ELI Project seeks interns, host churches for 2020

February 13, 2020

By: Karla Hovde

Christina Johnson knew she was called to ministry, but it wasn’t until a hands-on internship last summer that she found the confidence to pursue a career as a pastor.

“The ELI Project got me started with tools, skills, and experiences to confidently move towards a career in ministry,” she said. “I was full of hesitation before my internship about my call, whereas now, I am much more confident in myself and in my call.”

Johnson is one of seven college students who spent summer 2019 exploring vocational ministry through the Minnesota Conference’s Exploring Leadership Internship (ELI) Project.

Johnson plans to participate in a second summer of exploring her call through “ELI 2.0”—an expansion of the internship program designed for returning ELI interns to explore ministry in a new way. In the fall, she plans to either start classes at Wartburg Theological Seminary or take a gap year before seminary to take part in Young Adults in Global Mission, a Lutheran international service program.

Applications are being sought for 2020 interns and host churches—and will be accepted through March 2. Learn more and apply.

Last summer, ELI Intern Christina Johnson gained confidence that God is calling her to pastoral ministry.

What is The ELI Project?

Through the ELI Project, up to 10 college students are placed in Minnesota United Methodist host churches for 10 weeks in the summer. Over that period, the host congregation invites the intern to gain hands-on experience by preaching and/or leading a Bible study, planning worship, becoming involved in a social justice or community outreach ministry, observing leadership development/discipleship ministry at the host site, and providing pastoral care. Each intern is paid a $3,000 stipend. By being involved in a wide variety of ministerial contexts, the intern has a taste-and-see experience of what it really means to be a pastor at a local church.

“To my fellow college students interested in ministry, The ELI Project is the perfect opportunity to immerse yourself in a congregation and get a taste of what working in ministry is like,” said Johnson. “The people you will encounter are warm and welcoming and excited to partner in your learning and discernment.”

Raising future leaders

The ELI Project is now in its sixth year—and Director of Leadership Development Jody Thone, who leads the program, said the Minnesota Conference is seeing the success of the program as former interns pursue seminary education and become pastors.
Some former interns include:
  • David Hodd, 2015 intern, now a licensed local pastor at Gethsemane UMC in Lino Lakes
  • Lee Miller, 2015 intern, who is finishing seminary and preparing to be commissioned in the Minnesota Conference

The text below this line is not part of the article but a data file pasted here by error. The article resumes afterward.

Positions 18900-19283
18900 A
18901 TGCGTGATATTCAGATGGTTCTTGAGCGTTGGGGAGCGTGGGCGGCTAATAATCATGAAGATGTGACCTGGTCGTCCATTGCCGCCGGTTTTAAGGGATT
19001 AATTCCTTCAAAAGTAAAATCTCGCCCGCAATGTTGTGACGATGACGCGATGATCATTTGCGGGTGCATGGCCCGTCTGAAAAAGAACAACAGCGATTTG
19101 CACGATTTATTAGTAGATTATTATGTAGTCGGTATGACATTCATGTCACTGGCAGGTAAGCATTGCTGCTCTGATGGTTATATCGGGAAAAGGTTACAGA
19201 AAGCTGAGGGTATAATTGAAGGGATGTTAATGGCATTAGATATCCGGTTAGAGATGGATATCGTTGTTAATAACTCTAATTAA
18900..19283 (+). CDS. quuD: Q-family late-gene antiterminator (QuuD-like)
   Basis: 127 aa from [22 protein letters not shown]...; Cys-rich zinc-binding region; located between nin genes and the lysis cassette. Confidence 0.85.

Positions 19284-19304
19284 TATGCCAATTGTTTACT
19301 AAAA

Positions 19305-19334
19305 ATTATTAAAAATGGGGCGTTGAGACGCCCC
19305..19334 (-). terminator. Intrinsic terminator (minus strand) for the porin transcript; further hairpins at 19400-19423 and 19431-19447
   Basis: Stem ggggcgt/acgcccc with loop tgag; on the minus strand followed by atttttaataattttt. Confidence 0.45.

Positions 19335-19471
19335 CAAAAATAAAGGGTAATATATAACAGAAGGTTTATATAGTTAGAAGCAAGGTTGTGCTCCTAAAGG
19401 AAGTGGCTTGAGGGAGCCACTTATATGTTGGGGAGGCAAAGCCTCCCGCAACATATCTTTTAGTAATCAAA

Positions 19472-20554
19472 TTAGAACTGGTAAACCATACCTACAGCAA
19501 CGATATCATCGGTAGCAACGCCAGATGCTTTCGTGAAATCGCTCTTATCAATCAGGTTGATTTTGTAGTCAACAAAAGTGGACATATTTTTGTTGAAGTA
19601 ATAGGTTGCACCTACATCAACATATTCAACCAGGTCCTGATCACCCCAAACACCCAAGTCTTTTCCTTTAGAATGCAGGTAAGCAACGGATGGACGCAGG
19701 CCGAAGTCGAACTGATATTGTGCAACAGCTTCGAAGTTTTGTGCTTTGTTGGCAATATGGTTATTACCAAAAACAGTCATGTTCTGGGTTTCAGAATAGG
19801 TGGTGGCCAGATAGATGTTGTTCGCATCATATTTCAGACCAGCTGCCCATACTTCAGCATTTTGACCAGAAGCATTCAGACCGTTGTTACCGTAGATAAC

• Hannah Lundberg, 2017 intern, who is attending seminary
  • Anthony Windau, 2018 intern, who is attending seminary
  • Christina Johnson, 2019 intern, who plans to attend seminary
  • Jon Mehlhaus, 2017 intern, who plans to attend seminary
  • Ruthie Olson, 2017 intern, who plans to attend seminary
  • Allison Schwarz, 2018 and 2019 intern, who declared her candidacy as an elder in the Minnesota Conference and plans to attend seminary
Mehlhaus has been accepted to two seminaries and plans to pursue prison chaplaincy or earn a Ph.D. in systematic theology. Mehlhaus affirmed The ELI Project as a pivotal step in his discernment process.
“All of this would have seemed far-fetched and a lot more nerve-wracking without getting a chance to test out congregational ministry” through The ELI Project, he said.

ELI 2.0

Participating in ELI 2.0 made a significant impact in Allison Schwarz's life. 
ELI 2.0 is now in its second year. Whereas regular ELI interns take a deep dive within a single host congregation, ELI 2.0 interns gain a conference-wide perspective of ministry, visit a variety of churches, and help mentor the first-time interns. ELI 2.0 interns receive a $3,500 stipend.
Schwarz, who participated in ELI 2.0 last summer, said the lessons she learned through both of her years of internships have stayed with her—and the relationships she formed have made a significant impact on her life.
“From chaperoning mission trips to preaching to learning about social organizing, the range of experiences were prized memories and have been crucial to my discernment,” she said. “I left the ELI Project both summers feeling like I had extended my family.”

How you can help

The success of the ELI Project hinges on the partnership between local churches and the Minnesota Conference. Local congregations do the vital work of recognizing and encouraging disciples who are discerning a call to ordained ministry, and the Minnesota Conference offers those young people the space and the tools to discern that call. The ELI Project is an important and effective part of our shared work to make disciples for the transformation of the world.
Do you know students who are considering a call to ordained ministry? Do you see leadership skills and a desire to reach new people and heal a broken world in the young people around you? Help raise up these young leaders. Encourage them to apply for The ELI Project!
  • E-mail or text the college-aged students you know, inviting them to learn about The ELI Project and apply for an internship: www.eliprojectmn.com
  • Share Facebook and Instagram posts from The ELI Project.
  • Get the word out about The ELI Project in your bulletins, newsletters, and announcement boards.
  • Apply to be a clergy mentor and host congregation for The ELI Project.
Applications for interns and for host churches close March 2.

Karla Hovde is the communications specialist for the Minnesota Annual Conference of the United Methodist Church.

Minnesota Annual Conference of the United Methodist Church

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(612) 870-0058